Parents' Reactions to Their Child's Disability

By — Pearson Allyn Bacon Prentice Hall
Updated on Jul 20, 2010

Parents of children with disabilities have many reactions to their children's special needs, and these reactions may focus on positive or negative factors (Ferguson, 2002). Some parents go through several emotions roughly in a sequence; others may experience only one or several discrete reactions. For some, the reactions may be minor and their approach pragmatic. For others, their child's disability might affect their entire family structure and life. Part of your work with parents includes recognizing that the way they respond to you may be influenced by any of the following responses to their children's disabilities (Ferguson, 2002):

  1. Grief. Some parents feel grief about their child's disability. Sometimes this is a sorrow for the pain or discomfort their child may have to experience; sometimes it is sadness for themselves because of the added stress on the family when a child has a disability; and sometimes it is a sense of loss for what the child may not become. Grief may be temporary or it may be chronic, a realization nearly every day of how their lives are different from those of families with children who do not have disabilities. Parents have a right to grieve about their child-a right educators should respect.
  2. Ambivalence. Another reaction parents may have toward their child is ambivalence. This feeling may occur as parents attempt to confirm that the child's disability is not temporary or fixable, as they try to determine what the best educational options are for their child, and as they ponder how their child will live as an adult. The decisions that parents of children with disabilities have to make are often difficult, and they continue throughout childhood and adolescence and sometimes through adulthood. Parents often attend meetings with school personnel at which tremendous amounts of information are shared with little time for explanation, and they often meet with representatives from many different disciplines. It is no wonder they may feel ambivalent.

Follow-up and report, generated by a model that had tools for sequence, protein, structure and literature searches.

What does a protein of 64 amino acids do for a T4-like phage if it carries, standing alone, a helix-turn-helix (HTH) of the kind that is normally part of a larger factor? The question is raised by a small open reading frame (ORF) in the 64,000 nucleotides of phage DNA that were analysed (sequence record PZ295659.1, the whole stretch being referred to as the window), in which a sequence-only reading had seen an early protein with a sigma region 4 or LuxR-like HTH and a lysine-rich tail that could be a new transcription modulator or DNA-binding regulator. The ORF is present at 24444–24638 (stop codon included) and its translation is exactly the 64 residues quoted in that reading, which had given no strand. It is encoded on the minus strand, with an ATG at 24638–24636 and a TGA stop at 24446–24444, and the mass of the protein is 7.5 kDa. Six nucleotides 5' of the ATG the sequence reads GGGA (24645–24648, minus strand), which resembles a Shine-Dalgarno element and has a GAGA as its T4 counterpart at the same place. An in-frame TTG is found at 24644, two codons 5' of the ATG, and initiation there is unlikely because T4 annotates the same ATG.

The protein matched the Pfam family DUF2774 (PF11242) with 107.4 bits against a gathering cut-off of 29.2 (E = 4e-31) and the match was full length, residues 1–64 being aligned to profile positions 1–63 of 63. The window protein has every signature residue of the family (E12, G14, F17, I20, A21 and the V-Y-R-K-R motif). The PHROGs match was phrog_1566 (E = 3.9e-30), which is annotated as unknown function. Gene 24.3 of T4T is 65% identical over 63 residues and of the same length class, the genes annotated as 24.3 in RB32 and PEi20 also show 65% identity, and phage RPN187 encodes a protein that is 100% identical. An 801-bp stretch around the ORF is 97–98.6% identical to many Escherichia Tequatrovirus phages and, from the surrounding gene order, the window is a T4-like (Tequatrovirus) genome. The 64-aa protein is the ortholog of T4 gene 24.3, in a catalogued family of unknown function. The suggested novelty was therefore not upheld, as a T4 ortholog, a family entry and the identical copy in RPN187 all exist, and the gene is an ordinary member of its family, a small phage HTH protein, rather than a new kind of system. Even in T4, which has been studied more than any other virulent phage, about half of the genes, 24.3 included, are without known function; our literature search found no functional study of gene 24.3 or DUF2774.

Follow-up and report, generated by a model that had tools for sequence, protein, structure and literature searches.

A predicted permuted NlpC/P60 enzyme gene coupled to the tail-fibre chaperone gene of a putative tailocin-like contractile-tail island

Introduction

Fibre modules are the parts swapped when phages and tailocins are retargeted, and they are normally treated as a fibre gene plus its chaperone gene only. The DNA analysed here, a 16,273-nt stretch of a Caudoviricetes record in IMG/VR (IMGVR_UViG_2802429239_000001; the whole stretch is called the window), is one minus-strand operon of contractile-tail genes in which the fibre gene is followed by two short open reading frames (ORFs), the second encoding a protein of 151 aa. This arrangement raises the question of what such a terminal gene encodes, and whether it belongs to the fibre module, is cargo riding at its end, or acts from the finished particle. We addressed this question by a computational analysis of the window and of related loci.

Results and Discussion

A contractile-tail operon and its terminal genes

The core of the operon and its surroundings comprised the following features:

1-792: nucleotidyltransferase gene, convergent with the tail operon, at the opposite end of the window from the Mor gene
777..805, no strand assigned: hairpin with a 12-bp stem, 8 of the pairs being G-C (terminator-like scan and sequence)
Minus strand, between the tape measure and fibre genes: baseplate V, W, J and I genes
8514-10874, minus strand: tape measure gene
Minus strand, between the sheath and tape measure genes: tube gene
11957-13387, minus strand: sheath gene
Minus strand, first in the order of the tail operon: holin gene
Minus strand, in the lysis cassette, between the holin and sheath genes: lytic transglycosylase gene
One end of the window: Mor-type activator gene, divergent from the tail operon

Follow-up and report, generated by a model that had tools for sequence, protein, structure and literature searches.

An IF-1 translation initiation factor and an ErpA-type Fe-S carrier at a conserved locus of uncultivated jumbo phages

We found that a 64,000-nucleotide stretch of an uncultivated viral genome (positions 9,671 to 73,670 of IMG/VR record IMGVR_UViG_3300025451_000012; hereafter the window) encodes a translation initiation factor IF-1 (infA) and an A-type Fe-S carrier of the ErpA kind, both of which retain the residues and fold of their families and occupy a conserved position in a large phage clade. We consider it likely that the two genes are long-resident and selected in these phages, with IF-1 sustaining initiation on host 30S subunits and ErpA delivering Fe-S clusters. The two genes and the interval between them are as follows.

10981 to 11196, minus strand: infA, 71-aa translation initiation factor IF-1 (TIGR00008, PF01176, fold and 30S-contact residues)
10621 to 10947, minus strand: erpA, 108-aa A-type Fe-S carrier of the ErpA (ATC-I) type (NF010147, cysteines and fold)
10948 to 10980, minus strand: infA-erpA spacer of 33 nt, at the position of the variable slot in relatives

3. Optimism. A college student was once interviewing the parent of a student with a mild intellectual disability. When asked what it was like having a child with an intellectual disability in the family, the parent replied, "Mary is my child. Just like any other child, I love her as my child. She is sometimes funny and sometimes clever and sometimes naughty. She can really get into trouble. She's just like my other children, except she's Mary." For this parent, her child's special needs are just part of the configuration of needs that any child in any family might have. In this family, the emphasis is on the person, not the disability. There are many families like this one. In these families, the special needs of the child are met without an extraordinary reaction. Parents may work diligently to optimize their child's education, and they are hopeful about their child's future. They work closely with educators and others to ensure that the child's life, whatever it may be, is the best one possible.
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